Why we must always be vigilant in city politics

The vast majority of Newburyport citizens don’t get involved in city government.       It is this reason that we can barely get 30% of the registered voters to even show up at the ballot box.     I was recently outside Market Basket trying to get petition signatures so a candidate could get on the ballot.     I heard so many say, “I don’t get involved in politics.”

You really should.

If people understood how things really work locally, they would finally realize that every day our quality of life is threatened and if it wasn’t for a tiny portion of our electorate who care; it wouldn’t be long before that great quality would start to degrade and then accelerate into the ground.

This is how things work:

Every day, businessmen, craftsmen (of all different parts of the building trade) and developers trundle through City Hall either on their way to the Planning Office or down to the Building Department.      They are especially listened to as they rub shoulders with city hall employees and politicians and well they should.      The fees that are levied off of them usually end up collecting into that wonderful end of the budget year term, “free cash”.     Not an accurate term but basically meaning – what is left over after the budget has been set and disbursements have been made and usually represents extra income beyond the budget requirements.        Therefore, these people have an unusually more powerful influence in the halls of 60 Pleasant Street.

This is a problem.       This group demands immediate profit from whatever endeavor they pursue – therefore any long term city planning is looked down upon even though the long term issue in the end is generally much more beneficial to the community and even to them.      

Here’s a quick example.        We have developers who want to build a 40B in the upper common pasture.    Now in 2007, the land they wish to build on looked like a lake.      But they don’t care.      They don’t care because at the end of the project, they will have $7,000,000 in clear profit.     They don’t care that businesses downstream in the industrial park and residences in Quail Run may suffer expensive flood damage due to the increased impervious surfaces.       They don’t care if the fishing industry is impacted as the Little River is compromised, and consequently the Great Marsh is compromised.      They don’t care that the infrastructure required to accommodate their development may put increased pressure on the city’s taxpayer.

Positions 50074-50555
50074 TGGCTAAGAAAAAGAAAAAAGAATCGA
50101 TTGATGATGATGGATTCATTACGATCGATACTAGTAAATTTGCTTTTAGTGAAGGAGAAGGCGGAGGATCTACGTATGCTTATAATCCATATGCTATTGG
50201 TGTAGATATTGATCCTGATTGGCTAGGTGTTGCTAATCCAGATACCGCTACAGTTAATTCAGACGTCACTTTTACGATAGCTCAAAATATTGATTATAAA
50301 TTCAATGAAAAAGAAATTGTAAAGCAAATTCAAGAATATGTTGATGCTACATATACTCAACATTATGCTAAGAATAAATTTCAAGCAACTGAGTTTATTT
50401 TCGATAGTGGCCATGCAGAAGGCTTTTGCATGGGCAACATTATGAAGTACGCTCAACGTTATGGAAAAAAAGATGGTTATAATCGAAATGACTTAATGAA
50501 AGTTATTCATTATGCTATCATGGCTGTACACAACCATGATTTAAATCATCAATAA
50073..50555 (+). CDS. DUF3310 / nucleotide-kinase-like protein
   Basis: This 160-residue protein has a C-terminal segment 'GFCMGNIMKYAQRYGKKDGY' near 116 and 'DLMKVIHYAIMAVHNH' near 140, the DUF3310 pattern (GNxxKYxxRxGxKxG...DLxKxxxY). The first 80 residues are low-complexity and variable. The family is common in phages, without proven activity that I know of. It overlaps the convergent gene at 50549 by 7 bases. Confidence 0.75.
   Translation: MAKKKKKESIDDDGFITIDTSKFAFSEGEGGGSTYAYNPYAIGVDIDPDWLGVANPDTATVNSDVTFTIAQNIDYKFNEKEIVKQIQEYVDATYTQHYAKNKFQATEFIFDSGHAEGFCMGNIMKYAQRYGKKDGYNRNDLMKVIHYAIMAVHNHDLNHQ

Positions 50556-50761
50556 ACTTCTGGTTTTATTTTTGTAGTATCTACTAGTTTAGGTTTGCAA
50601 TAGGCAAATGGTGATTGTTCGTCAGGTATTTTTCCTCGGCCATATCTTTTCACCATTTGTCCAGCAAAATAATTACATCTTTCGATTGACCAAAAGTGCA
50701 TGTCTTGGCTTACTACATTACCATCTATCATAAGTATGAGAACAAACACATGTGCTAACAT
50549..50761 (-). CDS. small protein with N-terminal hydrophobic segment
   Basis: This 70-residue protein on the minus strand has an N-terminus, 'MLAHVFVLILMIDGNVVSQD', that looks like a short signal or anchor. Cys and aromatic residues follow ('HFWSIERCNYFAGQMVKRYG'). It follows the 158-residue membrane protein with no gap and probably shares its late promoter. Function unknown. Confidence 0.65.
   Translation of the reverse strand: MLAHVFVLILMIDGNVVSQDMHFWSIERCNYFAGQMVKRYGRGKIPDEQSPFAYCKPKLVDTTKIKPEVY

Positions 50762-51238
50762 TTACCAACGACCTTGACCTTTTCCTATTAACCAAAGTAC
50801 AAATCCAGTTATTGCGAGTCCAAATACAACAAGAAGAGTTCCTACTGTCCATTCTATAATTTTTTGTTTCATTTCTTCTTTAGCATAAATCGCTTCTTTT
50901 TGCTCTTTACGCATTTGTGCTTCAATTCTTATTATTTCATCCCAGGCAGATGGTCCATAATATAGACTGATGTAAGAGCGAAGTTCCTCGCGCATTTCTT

This is an extreme example but it happens every day on a smaller scale.      Those looking for immediate profit simply aren’t concerned and are not seeking long-term benefits.

That’s where concerned citizens have to push back.       This is not an anti-business, anti-profit push back.       This is working for benefits for all over the long term.        The objective is to create an environment in which the goal is a better community with the widest possible benefit for everyone.       

“What we must do to create a great community is to continue to make long-term investments in the future of our city so that the prosperity that we enjoy now will also be enjoyed by future generations of Newburyporters. The issue is maintaining our prosperity.”

– Jim Stiles, “One City, Two Visions”, Daily News, March, 2007

And it’s a battle that is fought every week and every month and every year.       There simply is no time when we can put our guard down.

They will have consultants, engineers and lawyers pushing for their short-term goals.     All the citizen will have is research, time and heaping portions of patience mixed with common sense.     

Only citizens can push for excellent schools, improved infrastructure, long-term city planning, preservation of historic neighborhoods, quality of life issues and for open spaces.      

“It was not the small-time developer crowd that saved Newburyport’s downtown – it was the forerunners of today’s planner types.     After the master planner crowd saved downtown, the small-time developers cashed in…this is a fine thing – prosperity is good, including prosperity from development.”

  – Jim Stiles, “One City, Two Visions”, Daily News, March, 2007

If Newburyport is to have a bright future, we must have more citizens involved in the political process or our future will be permanently short changed.

-P. Preservationist

This entry was posted in Agriculture & Farms, Businesses, Developers, finances, Health and wellness, News and politics, Open Space, Planning, Taxes. Bookmark the permalink.

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